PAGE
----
Bollywood will lose many heroes if people start talking: Richa on sexual harassers


Ever since the Harvey Weinstein scandal rocked the Hollywood film industry, fans have lost their respect for many of their onscreen heroes. From Kevin Spacey to Ben Affleck, numerous A-listed celebrities were brought under the public scanner due to their past behavior.

Back home in Bollywood, the issue raises questions about the prevalence of sexual harassment within our own film industry.

While many celebs are shying away from commenting on the subject, Fukrey Returns actress Richa Chadha feels that the entire power structure of Bollywood would change if people start talking openly about the issue.

“I don’t see that happening immediately given the culture of naming and shaming in our country. But when it happens, as it is happening in Hollywood right now, the entire power structure will change. People, who you see making feminist films and claiming to be progressive etc, they will all come tumbling down,” Richa was quoted as saying by Hindustan Times.

“We will lose a lot of heroes and several people will lose their lives’ work, their legacies. I think that’s what people will attack — they can’t attack them monetarily so they will go after the legacies. And it will happen, I would think in the next four-five years,” she added.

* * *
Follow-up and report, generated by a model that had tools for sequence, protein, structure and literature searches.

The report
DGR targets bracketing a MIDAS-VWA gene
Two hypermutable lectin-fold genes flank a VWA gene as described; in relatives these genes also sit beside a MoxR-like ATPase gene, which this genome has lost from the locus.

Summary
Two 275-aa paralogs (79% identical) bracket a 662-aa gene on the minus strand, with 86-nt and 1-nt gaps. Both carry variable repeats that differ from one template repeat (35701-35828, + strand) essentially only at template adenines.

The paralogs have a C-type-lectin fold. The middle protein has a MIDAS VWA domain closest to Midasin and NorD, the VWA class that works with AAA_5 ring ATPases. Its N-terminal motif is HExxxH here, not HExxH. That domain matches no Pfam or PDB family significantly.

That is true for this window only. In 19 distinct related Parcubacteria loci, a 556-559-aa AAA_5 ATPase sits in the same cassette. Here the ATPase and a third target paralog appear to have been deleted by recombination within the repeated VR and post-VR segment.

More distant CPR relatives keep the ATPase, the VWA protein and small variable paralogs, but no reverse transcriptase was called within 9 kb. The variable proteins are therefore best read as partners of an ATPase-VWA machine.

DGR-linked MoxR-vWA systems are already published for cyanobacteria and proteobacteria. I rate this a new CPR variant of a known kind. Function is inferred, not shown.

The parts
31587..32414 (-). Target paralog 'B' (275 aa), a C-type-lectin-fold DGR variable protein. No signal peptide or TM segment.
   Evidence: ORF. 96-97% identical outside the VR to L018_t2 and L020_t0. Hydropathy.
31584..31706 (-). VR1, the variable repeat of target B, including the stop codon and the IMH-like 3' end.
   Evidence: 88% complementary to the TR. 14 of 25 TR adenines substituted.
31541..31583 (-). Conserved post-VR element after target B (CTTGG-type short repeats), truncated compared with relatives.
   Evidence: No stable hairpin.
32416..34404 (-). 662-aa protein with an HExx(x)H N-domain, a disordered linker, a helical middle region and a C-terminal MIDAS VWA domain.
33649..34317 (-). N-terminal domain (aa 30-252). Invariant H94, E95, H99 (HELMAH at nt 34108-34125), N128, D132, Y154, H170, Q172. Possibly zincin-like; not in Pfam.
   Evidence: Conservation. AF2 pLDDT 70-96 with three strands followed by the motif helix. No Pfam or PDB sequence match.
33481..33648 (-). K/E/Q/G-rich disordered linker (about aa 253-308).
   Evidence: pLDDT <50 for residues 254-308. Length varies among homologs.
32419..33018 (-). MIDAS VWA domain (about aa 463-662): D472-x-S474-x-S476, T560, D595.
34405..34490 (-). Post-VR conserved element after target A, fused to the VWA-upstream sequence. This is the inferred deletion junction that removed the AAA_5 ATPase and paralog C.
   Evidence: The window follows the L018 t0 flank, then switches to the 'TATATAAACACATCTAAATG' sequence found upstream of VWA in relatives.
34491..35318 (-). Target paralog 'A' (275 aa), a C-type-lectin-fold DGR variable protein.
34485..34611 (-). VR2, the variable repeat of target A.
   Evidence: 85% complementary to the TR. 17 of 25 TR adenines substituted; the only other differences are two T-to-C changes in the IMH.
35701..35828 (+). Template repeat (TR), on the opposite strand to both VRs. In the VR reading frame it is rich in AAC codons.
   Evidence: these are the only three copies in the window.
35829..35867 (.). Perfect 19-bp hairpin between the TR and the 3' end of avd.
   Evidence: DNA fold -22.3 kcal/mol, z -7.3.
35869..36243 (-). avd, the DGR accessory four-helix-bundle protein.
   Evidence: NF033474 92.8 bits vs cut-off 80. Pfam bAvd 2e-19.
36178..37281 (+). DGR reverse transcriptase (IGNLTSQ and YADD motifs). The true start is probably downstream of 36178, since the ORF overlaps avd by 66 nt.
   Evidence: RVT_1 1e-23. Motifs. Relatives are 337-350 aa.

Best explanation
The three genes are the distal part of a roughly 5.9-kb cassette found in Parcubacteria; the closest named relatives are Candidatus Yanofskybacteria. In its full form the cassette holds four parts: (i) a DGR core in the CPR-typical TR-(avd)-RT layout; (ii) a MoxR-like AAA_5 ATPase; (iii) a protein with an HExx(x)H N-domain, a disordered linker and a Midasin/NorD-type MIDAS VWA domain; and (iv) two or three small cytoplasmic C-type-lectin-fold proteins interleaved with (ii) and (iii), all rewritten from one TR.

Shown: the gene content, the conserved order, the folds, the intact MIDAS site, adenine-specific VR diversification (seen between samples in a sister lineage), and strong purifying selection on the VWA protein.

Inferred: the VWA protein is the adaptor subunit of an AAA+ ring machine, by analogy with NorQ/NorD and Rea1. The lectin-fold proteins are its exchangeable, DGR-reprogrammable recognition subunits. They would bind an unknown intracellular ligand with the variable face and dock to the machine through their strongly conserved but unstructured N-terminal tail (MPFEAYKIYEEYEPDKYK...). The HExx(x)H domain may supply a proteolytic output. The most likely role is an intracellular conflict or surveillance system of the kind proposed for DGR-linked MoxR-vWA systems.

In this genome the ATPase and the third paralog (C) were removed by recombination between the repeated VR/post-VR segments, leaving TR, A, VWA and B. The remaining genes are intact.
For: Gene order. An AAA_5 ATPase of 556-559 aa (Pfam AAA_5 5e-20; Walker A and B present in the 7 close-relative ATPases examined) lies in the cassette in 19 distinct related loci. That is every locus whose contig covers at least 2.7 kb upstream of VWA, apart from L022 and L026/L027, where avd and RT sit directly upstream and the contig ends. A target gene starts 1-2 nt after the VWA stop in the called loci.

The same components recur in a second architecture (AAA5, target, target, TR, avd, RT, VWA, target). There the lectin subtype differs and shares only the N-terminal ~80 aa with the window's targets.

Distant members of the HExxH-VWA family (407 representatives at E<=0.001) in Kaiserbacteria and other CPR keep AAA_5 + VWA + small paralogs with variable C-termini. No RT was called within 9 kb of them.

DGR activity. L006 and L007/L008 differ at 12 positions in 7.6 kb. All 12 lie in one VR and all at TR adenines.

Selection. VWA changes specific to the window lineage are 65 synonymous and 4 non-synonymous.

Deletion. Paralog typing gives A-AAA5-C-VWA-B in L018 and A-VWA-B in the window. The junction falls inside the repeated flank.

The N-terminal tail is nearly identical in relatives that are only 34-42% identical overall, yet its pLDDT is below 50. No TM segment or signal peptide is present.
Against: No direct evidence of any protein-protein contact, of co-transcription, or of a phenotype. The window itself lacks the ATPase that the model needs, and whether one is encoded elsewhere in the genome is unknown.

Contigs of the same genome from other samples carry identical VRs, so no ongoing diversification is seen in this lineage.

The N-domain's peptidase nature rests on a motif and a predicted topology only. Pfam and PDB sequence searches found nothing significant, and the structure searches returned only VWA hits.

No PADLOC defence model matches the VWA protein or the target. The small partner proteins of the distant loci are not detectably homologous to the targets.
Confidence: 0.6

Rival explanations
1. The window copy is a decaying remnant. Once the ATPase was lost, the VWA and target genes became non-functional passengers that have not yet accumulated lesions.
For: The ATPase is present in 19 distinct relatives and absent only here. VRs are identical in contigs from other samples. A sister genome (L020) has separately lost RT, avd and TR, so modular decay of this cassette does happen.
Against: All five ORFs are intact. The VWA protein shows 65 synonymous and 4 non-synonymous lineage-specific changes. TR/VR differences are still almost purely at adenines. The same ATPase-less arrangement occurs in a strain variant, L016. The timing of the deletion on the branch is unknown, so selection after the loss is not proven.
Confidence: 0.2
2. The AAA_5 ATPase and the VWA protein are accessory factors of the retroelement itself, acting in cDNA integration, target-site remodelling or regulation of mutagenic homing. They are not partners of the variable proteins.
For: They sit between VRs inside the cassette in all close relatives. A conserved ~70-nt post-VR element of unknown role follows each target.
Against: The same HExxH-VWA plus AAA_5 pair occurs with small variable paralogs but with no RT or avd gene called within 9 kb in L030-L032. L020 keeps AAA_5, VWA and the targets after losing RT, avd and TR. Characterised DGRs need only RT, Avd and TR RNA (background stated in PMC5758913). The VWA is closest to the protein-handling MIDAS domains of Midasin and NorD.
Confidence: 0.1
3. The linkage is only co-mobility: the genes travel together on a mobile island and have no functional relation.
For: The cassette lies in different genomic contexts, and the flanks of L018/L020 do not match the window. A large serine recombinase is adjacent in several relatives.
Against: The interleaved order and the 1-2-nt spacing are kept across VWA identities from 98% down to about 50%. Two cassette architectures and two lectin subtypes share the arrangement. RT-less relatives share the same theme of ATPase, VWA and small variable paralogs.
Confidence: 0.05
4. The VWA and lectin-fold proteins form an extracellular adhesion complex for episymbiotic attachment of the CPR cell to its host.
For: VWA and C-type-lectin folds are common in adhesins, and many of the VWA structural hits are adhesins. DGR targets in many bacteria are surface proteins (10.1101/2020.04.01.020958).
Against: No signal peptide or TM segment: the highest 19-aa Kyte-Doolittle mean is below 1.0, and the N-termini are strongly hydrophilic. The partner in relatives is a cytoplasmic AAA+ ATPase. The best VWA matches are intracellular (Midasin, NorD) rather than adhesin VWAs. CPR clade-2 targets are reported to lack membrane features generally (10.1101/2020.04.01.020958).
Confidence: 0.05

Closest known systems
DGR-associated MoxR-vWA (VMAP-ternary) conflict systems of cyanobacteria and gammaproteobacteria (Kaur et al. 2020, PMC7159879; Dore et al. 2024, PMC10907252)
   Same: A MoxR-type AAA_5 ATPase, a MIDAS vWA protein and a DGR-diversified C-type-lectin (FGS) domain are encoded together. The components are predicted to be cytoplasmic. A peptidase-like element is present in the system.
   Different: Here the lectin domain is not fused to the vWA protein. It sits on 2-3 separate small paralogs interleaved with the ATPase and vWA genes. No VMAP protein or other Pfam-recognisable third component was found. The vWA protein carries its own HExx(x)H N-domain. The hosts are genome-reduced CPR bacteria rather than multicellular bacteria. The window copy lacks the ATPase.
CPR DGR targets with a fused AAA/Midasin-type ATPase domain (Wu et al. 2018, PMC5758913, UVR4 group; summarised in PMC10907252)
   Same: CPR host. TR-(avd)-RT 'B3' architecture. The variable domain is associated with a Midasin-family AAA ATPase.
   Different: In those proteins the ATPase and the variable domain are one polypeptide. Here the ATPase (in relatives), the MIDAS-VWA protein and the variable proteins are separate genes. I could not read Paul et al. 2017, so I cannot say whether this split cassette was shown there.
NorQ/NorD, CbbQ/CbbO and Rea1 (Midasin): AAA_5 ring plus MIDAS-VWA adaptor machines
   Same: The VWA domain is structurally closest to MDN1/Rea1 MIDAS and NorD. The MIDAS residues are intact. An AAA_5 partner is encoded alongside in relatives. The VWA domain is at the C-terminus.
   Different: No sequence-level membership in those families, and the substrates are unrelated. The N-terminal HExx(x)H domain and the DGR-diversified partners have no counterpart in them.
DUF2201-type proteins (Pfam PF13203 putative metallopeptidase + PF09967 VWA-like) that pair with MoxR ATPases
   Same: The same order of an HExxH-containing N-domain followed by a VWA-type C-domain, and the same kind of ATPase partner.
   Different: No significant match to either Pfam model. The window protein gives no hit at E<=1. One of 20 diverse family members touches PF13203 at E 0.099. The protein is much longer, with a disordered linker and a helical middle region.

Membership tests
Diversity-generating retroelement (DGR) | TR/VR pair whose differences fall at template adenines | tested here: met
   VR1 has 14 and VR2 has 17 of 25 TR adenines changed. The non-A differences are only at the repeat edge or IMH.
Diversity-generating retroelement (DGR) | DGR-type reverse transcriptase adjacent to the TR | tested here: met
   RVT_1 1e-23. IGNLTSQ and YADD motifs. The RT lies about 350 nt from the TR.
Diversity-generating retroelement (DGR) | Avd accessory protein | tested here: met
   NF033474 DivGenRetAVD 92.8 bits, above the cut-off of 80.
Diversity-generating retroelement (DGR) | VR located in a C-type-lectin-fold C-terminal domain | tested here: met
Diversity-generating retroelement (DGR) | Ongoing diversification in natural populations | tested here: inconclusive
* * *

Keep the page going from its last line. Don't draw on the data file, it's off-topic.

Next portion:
Explaining why people choose to say silent about sexual harassment in India, Richa said, “If someone suffers the loss of livelihood apart from emotional trauma, why will they come forward? In Hollywood, it is easier as actors get royalty,” the actor explains why Bollywood has been quiet on the issue.”

However, Richa pointed out that Bollywood is not the only industry marred by the problem.

 “It is very sexy to say, ‘Bollywood, ye gire hue log. They do this for work, they are just a cesspool for parties and all. We have a very fertile imagination when it comes to Bollywood. But we refuse to look at others. The press has a role in this – they should not be jumping on a hashtag. The press should be consistently creating a support system for the victim to come forward to say ‘this happened to me and he did that’. The judiciary has a role. I once met a rapist who said ‘mereko to bus saat saal ki sazaa hogi and then I am back to a normal life’, no remorse whatsoever,” Richa stressed.